There’s really not a whole lot wrong with the songs in this one and its’ almost immediately noticeable. Opener ‘Suburban Riot Squad’ features pretty much every feature possible in the band’s repertoire, with pounding drumming, technical riffing with a total thrash atmosphere in a chaotic solo section to create a chaotic, thrashing lead-off that signals the upcoming storm in spectacular fashion. Follow-up ‘Hollow Peace’ is another highlight with a commanding intro with pounding, militaristic drumming, grooving riffs and intertwining melodic sensibilities that generate an atmosphere of immense power and thrashing aggression quite well. The devastating ‘Riptide’ contains another murderous intro riff with a devastating rhythm section, full-on melodic riffing in mid-section verses, yet still remains in mid-range thrash mode throughout and topped off with great vocals. ‘Rise in Rank’ is a bit of a breather as it focuses on melodic riffing at the off-set with sparks of technicality that then turns into total barn-burning thrash with hyper-speed drumming, furious tempo and fantastic vocals to top it all off. The furious ‘Evolution Reset’ might be one of the bands’ all-time classics with up-tempo drumming, frenzied riffing with no hints of melody which are only in the vocals and some extremely strong change-ups in the riffing during the intense moments that causes this to be a stand-out track in many ways.
While the second half is still packed with quality songs, its true intentions are signaled from the start. ‘Nothingness,’ with its’ grooving mid-paced and melodic riffing without deviation, with strong hints of the epic power metal style of their past, is inherently noticeable of easing off the throttle and letting their other elements have a chance to get noticed. Strangely, that seems at odds with follow-up ‘No Place to Survive,’ a crushing, devastating burst of thrash in a blazing, frenetic pace with spacious riffing, devastating drumming and insane clean vocals that feels more at home in the upper half compared to the more spacious arrangements placed around it, but the band is still to be commended for offering such a tight, confined blast in such a small package as the results are nothing short of devastating. ‘Dream Hero’ brings it back to the more traditional elements with stylish old-school influenced riffing with mid-tempo melodies, pounding drums along with some interesting atmospheric and mid-paced change-ups throughout which get rather memorable at times when it’s not in full-throttle mode. After a pointless intro, ‘Planet Terror’ kicks in mid-paced grooving with bursts of technicality-laced speed interjected into the attack before a sparkling solo section ratchets up intensity, and it would’ve remained high on the list if it would’ve had a few bars chopped off to shorten it, for it’s a bit too long as it is now. It closes back on a high with ‘Psychofficial,’ as a blazing intro with full-throttle drumming segues into a furious thrash assault with technical bursts between mid-paced breathers and intense choruses creates the perfect closing place in the album’s running order.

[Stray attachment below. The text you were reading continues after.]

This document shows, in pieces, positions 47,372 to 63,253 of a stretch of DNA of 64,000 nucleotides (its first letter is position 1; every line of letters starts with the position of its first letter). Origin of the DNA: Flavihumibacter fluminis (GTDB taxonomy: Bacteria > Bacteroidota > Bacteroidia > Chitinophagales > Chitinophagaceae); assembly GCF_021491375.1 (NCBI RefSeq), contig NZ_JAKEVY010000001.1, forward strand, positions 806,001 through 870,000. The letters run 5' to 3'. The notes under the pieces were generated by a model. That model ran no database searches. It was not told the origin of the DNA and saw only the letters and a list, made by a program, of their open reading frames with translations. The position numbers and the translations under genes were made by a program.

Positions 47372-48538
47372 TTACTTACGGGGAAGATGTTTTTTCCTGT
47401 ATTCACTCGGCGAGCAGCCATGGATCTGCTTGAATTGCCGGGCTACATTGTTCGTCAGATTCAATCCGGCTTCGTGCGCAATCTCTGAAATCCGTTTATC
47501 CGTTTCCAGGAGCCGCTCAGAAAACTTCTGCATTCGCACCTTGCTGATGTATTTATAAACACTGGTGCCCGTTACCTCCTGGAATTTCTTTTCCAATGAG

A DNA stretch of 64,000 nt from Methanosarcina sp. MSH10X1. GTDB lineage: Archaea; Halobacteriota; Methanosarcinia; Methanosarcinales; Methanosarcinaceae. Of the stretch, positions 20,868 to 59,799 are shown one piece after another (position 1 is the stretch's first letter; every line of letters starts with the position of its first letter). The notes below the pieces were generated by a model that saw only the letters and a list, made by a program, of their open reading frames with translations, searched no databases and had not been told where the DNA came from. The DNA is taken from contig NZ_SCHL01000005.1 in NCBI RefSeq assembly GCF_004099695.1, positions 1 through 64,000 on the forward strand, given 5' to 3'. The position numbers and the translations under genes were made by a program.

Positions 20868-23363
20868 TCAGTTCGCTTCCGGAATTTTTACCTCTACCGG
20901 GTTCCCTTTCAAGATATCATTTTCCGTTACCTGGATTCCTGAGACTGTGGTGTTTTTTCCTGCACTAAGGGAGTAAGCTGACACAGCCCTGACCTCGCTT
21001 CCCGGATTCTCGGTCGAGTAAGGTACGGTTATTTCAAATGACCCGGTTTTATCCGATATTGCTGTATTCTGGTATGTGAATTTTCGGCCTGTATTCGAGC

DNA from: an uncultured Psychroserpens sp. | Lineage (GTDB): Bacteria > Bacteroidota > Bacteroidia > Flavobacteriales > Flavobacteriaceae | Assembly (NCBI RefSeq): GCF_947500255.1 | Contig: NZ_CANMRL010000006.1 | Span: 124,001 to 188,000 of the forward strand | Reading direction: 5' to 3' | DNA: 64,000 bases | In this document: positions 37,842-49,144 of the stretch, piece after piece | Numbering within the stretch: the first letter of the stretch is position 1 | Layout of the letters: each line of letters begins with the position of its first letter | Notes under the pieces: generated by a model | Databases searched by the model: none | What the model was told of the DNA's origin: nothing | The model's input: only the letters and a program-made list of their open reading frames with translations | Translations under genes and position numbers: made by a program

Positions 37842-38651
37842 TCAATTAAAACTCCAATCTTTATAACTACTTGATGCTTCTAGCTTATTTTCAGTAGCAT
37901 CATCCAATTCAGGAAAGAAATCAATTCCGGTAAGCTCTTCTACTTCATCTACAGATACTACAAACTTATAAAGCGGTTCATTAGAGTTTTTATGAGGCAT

There’s a lot to like with this release, as there has been on most of the bands’ efforts in the past as well, and it strongly continues the groups’ past of solid, strong thrash releases. Featuring enough frenzied, chaotic songs to make their moments of melody and atmosphere all the more palpable and enjoyable whilst still keeping their footing squarely in the realm of thrash, this is one of the strongest bands going on the scene and while it’s not their platinum opus this ranks right up there as to how well it mixes those two seemingly at-odds elements into a cohesive, strong whole. Blessed with a superb production that never lets the individual instruments overshadow anything else, never gets too glossy or dirty but instead creates an infectious atmosphere within, stand-out songwriting that created a couple enduring classics and enough surprises to keep things from being boring overtime, it’s pretty close and is definitely recommended to their fans, thrash aficionados in general or the curious.